The handover to Prudential strips members of ERISA and PBGC protection, which, the retirees argue, leaves them shouldering extra risk.
(November 30, 2012) – Just days before the second largest pension-risk transfer in history was set to clear, two Verizon retirees have filed a lawsuit attempting to block the $7.5 billion transaction.
The complaint, submitted in district court in Dallas, alleges that the “Verizon/Prudential transaction places the affected retirees in an inferior safety-net.”
Both sides agree that the handover will strip all 41,000 members involved of the security afforded by the Employee Retirement Income Security Act (ERISA) and Pension Benefit Guaranty Corporation (PBGC). As annuity holders, the retirees will instead fall under insurance guaranty regulations, which vary from state to state.
Verizon claims these protections are on par with ERISA and the PBGC. The telecom giant has not filed counterarguments in court, but Randal Milch, executive vice president and Verizon’s general counsel, released a statement dismissing the allegations.
“This lawsuit is without merit,” Milch said. “Verizon’s actions regarding its pensions protect the interests of our retired management employees. The monthly pension benefits of the retirees receiving an annuity from Prudential will remain unchanged. Prudential is providing an irrevocable commitment to make all future annuity payments, and this promise will be supported by the extra protection of assets being placed in a separate account at Prudential dedicated to Verizon retirees.”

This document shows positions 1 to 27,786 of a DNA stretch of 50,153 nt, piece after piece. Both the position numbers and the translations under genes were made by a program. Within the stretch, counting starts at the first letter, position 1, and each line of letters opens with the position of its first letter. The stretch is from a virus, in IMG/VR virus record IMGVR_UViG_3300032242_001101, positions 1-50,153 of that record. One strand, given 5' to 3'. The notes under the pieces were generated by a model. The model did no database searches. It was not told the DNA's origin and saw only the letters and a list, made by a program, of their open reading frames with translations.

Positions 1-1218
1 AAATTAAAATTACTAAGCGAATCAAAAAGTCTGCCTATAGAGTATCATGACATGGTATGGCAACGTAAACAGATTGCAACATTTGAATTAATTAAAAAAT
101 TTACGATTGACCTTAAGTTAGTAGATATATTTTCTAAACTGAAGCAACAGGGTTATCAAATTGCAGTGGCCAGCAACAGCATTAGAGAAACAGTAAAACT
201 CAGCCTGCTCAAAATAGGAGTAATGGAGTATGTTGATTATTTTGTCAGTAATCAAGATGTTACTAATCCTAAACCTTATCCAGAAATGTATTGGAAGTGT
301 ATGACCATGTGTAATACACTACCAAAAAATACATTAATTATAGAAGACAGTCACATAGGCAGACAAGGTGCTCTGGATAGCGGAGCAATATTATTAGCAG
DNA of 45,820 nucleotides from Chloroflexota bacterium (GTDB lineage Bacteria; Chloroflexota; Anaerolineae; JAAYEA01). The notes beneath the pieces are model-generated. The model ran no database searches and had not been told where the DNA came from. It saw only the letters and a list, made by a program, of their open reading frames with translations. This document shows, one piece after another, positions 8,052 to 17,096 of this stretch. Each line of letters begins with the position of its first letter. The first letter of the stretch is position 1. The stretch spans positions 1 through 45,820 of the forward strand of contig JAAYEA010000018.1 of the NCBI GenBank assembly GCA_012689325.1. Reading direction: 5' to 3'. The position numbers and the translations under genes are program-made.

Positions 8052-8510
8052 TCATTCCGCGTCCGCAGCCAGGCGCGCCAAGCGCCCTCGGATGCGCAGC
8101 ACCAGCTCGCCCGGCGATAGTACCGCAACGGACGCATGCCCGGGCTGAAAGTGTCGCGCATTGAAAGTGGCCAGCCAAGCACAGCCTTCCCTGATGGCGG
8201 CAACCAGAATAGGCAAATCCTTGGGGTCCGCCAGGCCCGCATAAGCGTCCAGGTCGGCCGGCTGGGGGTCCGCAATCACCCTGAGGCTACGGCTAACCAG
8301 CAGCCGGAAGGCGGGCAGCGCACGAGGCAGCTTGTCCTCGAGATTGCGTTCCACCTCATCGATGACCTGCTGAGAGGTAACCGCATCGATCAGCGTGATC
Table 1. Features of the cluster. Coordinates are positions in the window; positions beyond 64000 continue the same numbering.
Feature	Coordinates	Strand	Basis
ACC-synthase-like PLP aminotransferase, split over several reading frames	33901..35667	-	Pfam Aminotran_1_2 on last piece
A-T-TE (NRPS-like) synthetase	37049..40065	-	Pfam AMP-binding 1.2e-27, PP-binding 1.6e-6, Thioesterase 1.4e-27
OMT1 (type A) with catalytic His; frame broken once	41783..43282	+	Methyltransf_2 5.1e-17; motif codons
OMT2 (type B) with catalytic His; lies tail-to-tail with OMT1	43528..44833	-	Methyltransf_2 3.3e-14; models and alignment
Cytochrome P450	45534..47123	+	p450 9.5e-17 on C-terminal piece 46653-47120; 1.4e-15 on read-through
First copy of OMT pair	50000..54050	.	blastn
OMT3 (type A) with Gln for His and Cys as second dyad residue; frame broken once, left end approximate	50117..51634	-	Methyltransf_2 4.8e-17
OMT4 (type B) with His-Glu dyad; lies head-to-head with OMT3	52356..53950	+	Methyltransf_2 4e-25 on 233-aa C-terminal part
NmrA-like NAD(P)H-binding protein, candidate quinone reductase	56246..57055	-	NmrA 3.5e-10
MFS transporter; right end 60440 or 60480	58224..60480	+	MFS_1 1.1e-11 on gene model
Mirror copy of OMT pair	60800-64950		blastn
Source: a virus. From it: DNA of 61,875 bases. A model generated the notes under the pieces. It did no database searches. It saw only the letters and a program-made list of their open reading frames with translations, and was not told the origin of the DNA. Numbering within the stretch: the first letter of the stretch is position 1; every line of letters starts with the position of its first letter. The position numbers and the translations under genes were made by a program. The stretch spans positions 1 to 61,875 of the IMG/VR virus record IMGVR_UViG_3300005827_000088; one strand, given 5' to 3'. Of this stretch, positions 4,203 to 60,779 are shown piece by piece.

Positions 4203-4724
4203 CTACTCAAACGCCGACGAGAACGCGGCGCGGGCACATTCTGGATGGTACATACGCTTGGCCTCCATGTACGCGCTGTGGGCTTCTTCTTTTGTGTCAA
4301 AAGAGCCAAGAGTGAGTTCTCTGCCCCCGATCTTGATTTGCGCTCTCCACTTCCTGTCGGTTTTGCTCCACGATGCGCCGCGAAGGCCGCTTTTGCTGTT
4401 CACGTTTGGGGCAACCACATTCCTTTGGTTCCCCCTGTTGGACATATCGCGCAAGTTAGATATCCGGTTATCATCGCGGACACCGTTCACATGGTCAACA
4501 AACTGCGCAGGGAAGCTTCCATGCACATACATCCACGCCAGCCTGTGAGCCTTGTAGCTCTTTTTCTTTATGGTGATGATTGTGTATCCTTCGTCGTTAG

The lawsuit’s two plaintiffs—who are filing a class action on behalf of all 41,000 members—argue that no level of commitment from Prudential could compensate for the loss of federal backing.
In the event that Prudential could not meet its payment obligations, the lawsuit alleges, “insufficient and varying” state coverage would take over.
“I’m not worried about Prudential in the next few years, but the average age of these members is about 70,” Edward Stone, an insurance/finance attorney and counsel for the retirees, told aiCIO. “Many will likely live until 90. And 10 or 20 years down the road: who knows?”
“Pension-risk transfer is extremely new, and there’s no legal precedent set yet,” he continued, “You get cowboys at the forefront in these situations. But at the end of the day, this is such a serious issue, there has to be transparency and uniformity in the annuity guaranty.”
In his statement for Verizon, Milch stessed Prudential’s solidity and capacity to take on the obligation.
“Prudential has a long history of providing group annuity benefits and already provides pension plan services to 3.7 million workers and retirees nationwide,” he said. “An independent fiduciary conducted an extensive review of the insurance market and annuity providers and selected Prudential as the annuity provider, with the safety and protection of pension plan participants being the sole consideration.”
The two parties have until December 6 to submit briefs to the Dallas court, which will decide the following day whether or not to bar the deal from closing.